In the 1984 film “The Karate Kid,” protagonist Daniel LaRusso learns about discipline while simultaneously mastering the art of karate from Mr. Miyagi. As the two practice together, Daniel faces his limits. It’s not an easy process, but Daniel is grateful to be taught by Mr. Miyagi. He understands that he is learning life-long lessons. 

Ludwig

Ludwig Malik, Planbox

Likewise, the best innovators recognize that discipline is not innate. The good news is that anyone can achieve great discipline. It just requires countless repetitions. As is said in the movie, “Never trust a spiritual leader who cannot dance.” You cannot forecast successful outcomes if the innovation leader is not fully committed every single day. To achieve such discipline, a system and process are required. 

By working closely with world-renowned organizations, we have identified five key areas leaders should focus on in order to build a strong innovation discipline. 

Creative Balance — Innovation Portfolio 

Put yourself in this situation: Mr. Miyagi asks you to try giving a solid kick or throwing a hard punch. It all seems to be going well, until you’re facing the floor. You have forgotten to consider the foundation of karate: a steady posture. 

Similarly, when it comes to innovation, what really sets the pace for success is how your organization looks at and accounts for all the investments made in your innovation portfolio. To create a balanced and robust portfolio, you have to go beyond the headline of measuring investments and understanding each project’s impacts. It’s best to diversify from incremental improvements to moonshots, while understanding that disruptive innovation is much harder to track, measure, and monitor.

Wax On, Wax Off — Innovation Strategy

You jump in the air and throw a nice back punch, but you totally miss your opponent. A great effort that produces no results is a routine occurrence in the world of innovation. 

Being able to constantly find the right match between your current capabilities and the company’s stated objectives is easier said than done. To identify your innovation objective’s scope and length, it requires a good understanding of your innovation strategy. Aligning innovation with the core business is a constant but necessary struggle that ensures that you have a clear judgment of which investments are best to embrace and act on when it’s time to scale and commercialize.

No Single Path to Glory — Innovation Governance 

Showing off with a spinning hook kick is not how you win the fight. Likewise, in innovation, there is no one move that works all the time.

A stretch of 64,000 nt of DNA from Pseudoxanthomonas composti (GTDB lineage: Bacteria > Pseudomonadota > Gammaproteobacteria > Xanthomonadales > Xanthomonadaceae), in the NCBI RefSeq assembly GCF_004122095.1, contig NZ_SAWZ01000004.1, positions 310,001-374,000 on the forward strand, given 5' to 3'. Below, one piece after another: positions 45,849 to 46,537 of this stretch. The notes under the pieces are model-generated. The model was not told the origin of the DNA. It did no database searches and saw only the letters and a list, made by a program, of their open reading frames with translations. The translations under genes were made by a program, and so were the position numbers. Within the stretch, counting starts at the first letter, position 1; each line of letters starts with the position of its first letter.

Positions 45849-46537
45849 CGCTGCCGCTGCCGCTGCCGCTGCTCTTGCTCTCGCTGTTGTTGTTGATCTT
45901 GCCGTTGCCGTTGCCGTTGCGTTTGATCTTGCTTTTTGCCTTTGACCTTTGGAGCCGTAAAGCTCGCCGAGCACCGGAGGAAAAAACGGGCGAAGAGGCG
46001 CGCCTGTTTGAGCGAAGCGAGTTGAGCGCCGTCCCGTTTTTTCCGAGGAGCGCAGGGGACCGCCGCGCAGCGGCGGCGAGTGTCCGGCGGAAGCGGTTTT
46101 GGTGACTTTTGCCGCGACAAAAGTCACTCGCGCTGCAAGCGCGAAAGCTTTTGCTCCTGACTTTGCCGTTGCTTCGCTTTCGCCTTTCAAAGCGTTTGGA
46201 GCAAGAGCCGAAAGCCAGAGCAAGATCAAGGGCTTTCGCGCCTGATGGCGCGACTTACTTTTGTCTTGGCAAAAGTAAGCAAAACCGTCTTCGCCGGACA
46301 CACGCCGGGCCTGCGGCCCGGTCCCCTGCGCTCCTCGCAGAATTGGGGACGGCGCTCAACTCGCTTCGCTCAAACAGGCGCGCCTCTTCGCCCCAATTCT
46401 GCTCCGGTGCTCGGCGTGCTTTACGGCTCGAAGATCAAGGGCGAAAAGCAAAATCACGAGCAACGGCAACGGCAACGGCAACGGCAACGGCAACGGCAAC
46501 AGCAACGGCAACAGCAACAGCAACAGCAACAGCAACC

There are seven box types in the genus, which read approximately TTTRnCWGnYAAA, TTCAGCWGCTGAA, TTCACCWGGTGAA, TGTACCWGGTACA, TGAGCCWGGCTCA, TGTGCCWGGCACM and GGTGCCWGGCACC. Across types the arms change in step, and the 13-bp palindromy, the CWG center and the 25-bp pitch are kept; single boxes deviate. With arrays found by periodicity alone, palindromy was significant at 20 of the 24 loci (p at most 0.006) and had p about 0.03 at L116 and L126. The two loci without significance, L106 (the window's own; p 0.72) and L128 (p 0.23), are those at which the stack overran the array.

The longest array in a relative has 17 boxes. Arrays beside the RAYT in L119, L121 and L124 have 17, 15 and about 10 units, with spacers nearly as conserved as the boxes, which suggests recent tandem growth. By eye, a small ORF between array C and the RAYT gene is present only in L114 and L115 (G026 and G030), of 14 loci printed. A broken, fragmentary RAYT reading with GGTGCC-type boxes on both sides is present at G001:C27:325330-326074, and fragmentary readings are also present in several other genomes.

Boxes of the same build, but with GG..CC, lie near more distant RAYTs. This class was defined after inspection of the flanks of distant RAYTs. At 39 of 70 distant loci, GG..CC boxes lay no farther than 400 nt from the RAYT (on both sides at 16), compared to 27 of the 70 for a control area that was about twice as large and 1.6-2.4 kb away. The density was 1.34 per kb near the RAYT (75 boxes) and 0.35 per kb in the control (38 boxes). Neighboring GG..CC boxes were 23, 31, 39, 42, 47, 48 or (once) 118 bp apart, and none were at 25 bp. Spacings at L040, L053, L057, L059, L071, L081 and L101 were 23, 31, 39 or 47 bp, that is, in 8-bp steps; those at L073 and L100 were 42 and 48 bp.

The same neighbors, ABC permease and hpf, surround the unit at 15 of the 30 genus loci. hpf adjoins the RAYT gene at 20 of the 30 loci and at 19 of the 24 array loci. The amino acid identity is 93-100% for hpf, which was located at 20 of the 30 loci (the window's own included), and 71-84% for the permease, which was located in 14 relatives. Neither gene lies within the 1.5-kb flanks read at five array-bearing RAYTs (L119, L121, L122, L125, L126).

The right innovation governance model gives you the flexibility to try different creative campaigns, and approach the problem in different ways. Sometimes, many small incremental steps can lead to a breakthrough. Other times, they can lead to multiple failures. There is no magic recipe, but finding the right innovation governance model for your organization can enable you to experiment and find the path to leap.

Expect the Unexpected — Innovation Skills and Development 

Once you learn the martial arts basics, you can mix and match, and use creative combinations of hundreds of different moves — any of which can be the right approach, at the right time, for the right opponent. 

Innovation is not easy, and it can be an adventure that sometimes takes one step forward and then two steps back. An innovation skills and development plan must outline the current skill inventory, proficiency level, and the extent to which there is a desire to get involved with certain types of projects. This talent pool should be further categorized into how an effective team of innovators needs to come together to generate results.

Sweep the Leg — Innovation Culture

About half of karate practitioners never make it beyond a white belt. Somewhere along the way, the inspiration to make it to the end falters. 

For innovation results to be sustainable, you need a robust culture. Innovation plays a vital role in your organization’s success and should be embraced by your entire workforce and by other key stakeholders, like customers. Achievements and failures should be celebrated together as a team. It’s easy to lose participation, or worse yet, employee engagement, if you don’t calibrate and fine-tune gaming mechanics adequately. 

 

Ludwig Melik is the CEO of Planbox. With over 20 years of experience in the project portfolio management and innovation management market, Melik looks to help organizations positively transform their work culture to create sustainable growth and ongoing success by galvanizing employee engagement and igniting creative ideation. Innovation Leader regularly publishes Thought Leadership pieces written by our Strategic Partner firms.

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This piece is a part of the Fall 2020 special issue of IL’s magazine, which collects advice and insights from 25 contributors. Read the full “Innovation Matters More” magazine.